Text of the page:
In January, the world’s biggest oil company indicated that it is planning an initial public offering (IPO), marking the first time that Aramco stock has been available to the public. The Saudi state-owned titan will put less than five percent of its value on the table — but with the IPO expected to value the company at more than US $2 trillion, this is hardly a meagre offering.
It is thought that the listing could happen as early as next year. Here’s what we know so far:
Like everything Aramco does, it’s going to be the biggest
The monetary value of the stock on offer is estimated to be about $100 billion. This means Aramco’s initial public offering will be the biggest ever seen by a massive margin. In 2014, Chinese eCommerce giant Alibaba made a record $25 billion from its own IPO.
The world’s most senior bankers all wanted a slice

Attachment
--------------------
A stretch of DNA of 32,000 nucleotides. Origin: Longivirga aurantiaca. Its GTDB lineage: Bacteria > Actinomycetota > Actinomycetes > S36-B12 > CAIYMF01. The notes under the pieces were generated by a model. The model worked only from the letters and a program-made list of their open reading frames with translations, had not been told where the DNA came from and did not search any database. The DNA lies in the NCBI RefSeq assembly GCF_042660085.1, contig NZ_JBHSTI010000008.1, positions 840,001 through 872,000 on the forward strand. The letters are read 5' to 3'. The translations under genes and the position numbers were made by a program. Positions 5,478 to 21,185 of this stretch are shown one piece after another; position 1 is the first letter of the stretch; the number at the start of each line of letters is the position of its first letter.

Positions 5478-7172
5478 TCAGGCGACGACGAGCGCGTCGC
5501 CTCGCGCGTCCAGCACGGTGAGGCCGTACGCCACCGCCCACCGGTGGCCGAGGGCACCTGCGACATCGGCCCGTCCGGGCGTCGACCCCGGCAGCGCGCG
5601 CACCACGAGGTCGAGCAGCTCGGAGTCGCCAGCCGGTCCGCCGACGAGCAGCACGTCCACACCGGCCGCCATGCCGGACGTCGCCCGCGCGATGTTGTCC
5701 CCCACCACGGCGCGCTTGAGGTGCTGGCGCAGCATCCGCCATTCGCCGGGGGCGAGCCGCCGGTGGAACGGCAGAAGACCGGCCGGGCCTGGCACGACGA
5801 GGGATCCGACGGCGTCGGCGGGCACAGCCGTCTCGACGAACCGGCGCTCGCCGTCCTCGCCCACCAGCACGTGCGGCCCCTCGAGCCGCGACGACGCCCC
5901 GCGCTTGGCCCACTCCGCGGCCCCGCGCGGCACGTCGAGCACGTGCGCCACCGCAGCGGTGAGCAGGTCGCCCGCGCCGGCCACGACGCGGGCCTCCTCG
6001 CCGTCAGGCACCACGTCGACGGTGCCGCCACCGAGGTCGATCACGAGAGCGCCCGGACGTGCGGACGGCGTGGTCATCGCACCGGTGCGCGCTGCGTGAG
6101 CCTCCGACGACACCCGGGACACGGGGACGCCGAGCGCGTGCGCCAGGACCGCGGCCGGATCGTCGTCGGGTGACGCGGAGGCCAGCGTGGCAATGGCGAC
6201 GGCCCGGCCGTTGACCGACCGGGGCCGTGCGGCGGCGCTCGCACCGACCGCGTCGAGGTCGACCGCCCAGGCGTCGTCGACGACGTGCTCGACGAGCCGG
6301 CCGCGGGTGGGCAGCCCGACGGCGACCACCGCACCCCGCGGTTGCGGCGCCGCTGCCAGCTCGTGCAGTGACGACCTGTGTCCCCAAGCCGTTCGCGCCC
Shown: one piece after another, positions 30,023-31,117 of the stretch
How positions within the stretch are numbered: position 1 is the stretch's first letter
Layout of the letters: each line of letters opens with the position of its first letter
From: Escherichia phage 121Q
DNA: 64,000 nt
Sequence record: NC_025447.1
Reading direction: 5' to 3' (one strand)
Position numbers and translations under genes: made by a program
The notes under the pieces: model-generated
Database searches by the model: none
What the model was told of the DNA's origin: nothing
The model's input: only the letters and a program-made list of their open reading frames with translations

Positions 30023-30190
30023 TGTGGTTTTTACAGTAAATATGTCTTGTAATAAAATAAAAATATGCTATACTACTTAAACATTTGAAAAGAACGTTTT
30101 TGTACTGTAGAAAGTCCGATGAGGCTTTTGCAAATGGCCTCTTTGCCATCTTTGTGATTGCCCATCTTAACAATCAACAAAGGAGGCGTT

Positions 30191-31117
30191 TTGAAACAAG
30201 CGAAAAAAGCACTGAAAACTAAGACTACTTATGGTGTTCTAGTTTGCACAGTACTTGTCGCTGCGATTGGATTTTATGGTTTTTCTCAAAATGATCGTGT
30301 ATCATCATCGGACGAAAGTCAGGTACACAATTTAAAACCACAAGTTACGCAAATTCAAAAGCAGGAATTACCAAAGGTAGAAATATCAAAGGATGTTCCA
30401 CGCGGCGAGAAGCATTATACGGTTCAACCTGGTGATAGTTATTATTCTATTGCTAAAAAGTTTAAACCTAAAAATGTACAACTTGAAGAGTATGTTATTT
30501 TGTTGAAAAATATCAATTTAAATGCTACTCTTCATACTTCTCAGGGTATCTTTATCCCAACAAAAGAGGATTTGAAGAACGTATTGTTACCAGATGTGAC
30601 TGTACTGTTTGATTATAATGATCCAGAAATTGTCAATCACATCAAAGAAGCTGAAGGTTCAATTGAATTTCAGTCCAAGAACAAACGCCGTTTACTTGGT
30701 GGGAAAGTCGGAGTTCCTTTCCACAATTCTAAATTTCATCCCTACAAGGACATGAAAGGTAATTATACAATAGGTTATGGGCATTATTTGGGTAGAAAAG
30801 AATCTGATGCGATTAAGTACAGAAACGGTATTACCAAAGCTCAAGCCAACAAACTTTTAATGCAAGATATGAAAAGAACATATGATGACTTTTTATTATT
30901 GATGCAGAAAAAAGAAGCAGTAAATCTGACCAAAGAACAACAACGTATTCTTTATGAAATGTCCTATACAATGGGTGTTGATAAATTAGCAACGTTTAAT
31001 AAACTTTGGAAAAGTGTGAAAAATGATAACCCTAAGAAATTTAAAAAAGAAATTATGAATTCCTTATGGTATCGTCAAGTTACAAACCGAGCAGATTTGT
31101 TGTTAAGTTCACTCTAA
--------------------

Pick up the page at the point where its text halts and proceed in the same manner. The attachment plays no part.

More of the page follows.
By all accounts, some of the world’s most influential investment bankers have been descending upon Aramco’s Dhahran headquarters hoping to win their own piece of the action. Christopher Wheeler, a London-based analyst with Atlantic Equities LLP, told Bloomberg in June: “Saudi Arabia is close to the top, if not at the top, of the agenda for banks. What else is there at the moment?”
...But the likely winners have probably been decided
Insiders have said that HSBC, JPMorgan and Citigroup are the ones that will arrange the offering. However, no one at the three firms offered comment on the speculation. Earlier in the year, the Wall Street Journal claimed that JPMorgan’s eight-decade long relationship with Saudi Arabia would cement its role in the IPO.
Though this isn’t deterring Japan
The chairman of Japan’s Sumitomo Mitsui Financial Group has said that his bank wants to “assist” Aramco with the IPO. While Aramco has yet to select a stock exchange to host the offering — and Japan seems something of an underdog — that won’t stop trade ministers from suggesting to deputy crown prince Mohammed bin Salman that Aramco list the shares on the Tokyo Stock Exchange.
Saudi Arabia is looking to boost oil prices ahead of the sale
One industry source told Reuters that the Saudi government "want higher oil prices for a better Aramco valuation". Energy Minister Khalid al-Falih has said that the world needs oil above $50 per barrel in order to balance the market.